His Holiness, ‘‘‘German (Đorić) of Serbia’’’, Archbishop of Peć, Metropolitan of Belgrade and Karlovci and Patriarch of Serbia, (Serbian Cyrillic: Његова светост Герман Архиепископ пећки, Митрополит београдско-карловачки и Патријарх српски) was the patriarch of the Serbian Orthodox Church from 1958 to 1990. He was successful in revitalizing the Serbian Orthodox Church to a certain extent during the Communist period, despite two schisms that occurred during his tenure.

Life

Patr. German was born on August 19, 1899, as Hranislav Đorić in Jošanička Banja. His father was a teacher and later a priest. He attended elementary school in Velika Drenova and Kruševac, seminary in Belgrade and Sremski Karlovci, graduating in 1921. He studied law at the Sorbonne in Paris before graduating from the Orthodox Theological Faculty in Belgrade in 1942.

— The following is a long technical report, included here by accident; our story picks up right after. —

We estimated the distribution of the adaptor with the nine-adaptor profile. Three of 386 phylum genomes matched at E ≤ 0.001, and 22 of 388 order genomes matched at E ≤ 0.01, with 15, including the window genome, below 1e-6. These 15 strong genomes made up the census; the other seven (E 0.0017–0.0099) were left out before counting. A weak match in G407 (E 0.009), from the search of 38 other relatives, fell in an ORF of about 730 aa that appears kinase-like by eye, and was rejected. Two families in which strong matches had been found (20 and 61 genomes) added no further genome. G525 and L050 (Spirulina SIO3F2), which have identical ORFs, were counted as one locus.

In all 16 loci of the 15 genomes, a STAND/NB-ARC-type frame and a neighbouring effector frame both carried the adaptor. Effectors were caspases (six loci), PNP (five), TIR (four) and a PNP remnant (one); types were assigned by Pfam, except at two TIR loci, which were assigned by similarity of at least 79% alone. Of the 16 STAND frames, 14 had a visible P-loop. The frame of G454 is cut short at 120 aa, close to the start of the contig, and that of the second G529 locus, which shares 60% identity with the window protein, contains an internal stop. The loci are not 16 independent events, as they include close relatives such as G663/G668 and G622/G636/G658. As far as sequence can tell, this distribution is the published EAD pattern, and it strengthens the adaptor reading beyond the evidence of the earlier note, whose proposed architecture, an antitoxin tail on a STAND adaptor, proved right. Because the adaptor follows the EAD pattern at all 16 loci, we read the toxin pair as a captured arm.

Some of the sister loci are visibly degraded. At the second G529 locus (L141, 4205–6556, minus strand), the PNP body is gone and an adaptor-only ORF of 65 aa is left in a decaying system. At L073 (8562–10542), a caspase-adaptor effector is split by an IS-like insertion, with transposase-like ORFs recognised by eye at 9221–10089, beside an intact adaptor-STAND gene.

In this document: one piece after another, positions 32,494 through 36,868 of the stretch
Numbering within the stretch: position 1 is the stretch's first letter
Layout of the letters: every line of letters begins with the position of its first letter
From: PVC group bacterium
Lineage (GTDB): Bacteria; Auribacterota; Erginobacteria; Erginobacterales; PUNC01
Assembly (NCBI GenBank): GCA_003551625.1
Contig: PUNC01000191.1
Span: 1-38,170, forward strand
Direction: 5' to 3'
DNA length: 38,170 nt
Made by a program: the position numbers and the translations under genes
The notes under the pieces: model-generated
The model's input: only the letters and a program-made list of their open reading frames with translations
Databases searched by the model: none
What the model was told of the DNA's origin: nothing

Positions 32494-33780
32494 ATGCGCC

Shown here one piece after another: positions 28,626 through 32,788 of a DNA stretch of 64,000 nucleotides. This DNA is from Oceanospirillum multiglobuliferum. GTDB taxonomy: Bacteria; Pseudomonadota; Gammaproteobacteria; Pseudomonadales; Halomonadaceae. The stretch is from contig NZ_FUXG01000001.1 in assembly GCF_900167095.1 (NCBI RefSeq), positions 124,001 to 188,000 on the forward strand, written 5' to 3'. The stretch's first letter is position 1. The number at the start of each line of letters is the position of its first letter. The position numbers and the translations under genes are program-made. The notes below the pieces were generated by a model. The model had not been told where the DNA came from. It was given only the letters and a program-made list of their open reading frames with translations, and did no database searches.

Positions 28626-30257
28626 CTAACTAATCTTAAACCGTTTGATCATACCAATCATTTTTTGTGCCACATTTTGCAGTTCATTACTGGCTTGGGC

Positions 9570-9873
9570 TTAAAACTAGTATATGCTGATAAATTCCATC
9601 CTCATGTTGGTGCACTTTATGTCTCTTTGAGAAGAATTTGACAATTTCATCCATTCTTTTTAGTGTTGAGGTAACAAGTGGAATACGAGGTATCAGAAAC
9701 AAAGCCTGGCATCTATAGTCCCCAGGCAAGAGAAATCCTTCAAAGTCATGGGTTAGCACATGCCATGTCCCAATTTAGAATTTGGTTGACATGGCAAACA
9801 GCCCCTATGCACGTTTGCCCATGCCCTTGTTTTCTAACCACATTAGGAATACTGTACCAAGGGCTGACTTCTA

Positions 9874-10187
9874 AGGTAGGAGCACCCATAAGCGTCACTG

He was ordained a deacon, followed by appointment as the clerk of the Spiritual Court in Čačak. He was also a catechist in the Čačak's high school. Due to ill health, he left these administrative positions. Later, he was ordained a presbyter and was assigned his own parish of Miokovci. In 1931, Fr. Hranislav moved to Vrnjačka Banja and, in 1938, became a referent of the Holy Synod of the Serbian Orthodox Church.

His son, Hranislav, later became protodeacon and teacher at St. Sava Seminary in Belgrade. His wife, however, had died.

In 1950, he was assigned the position of secretary general of the Holy Synod and editor in chief of the Glasnik, the official gazette of the Serbian Orthodox Church. Also, in 1950, Fr. Hranislav took monastic vows at Studenica monastery, acquiring the name German. Subsequently, he was consecrated auxiliary bishop to Patriarch Vikentije, with title vicar Bishop of Moravice.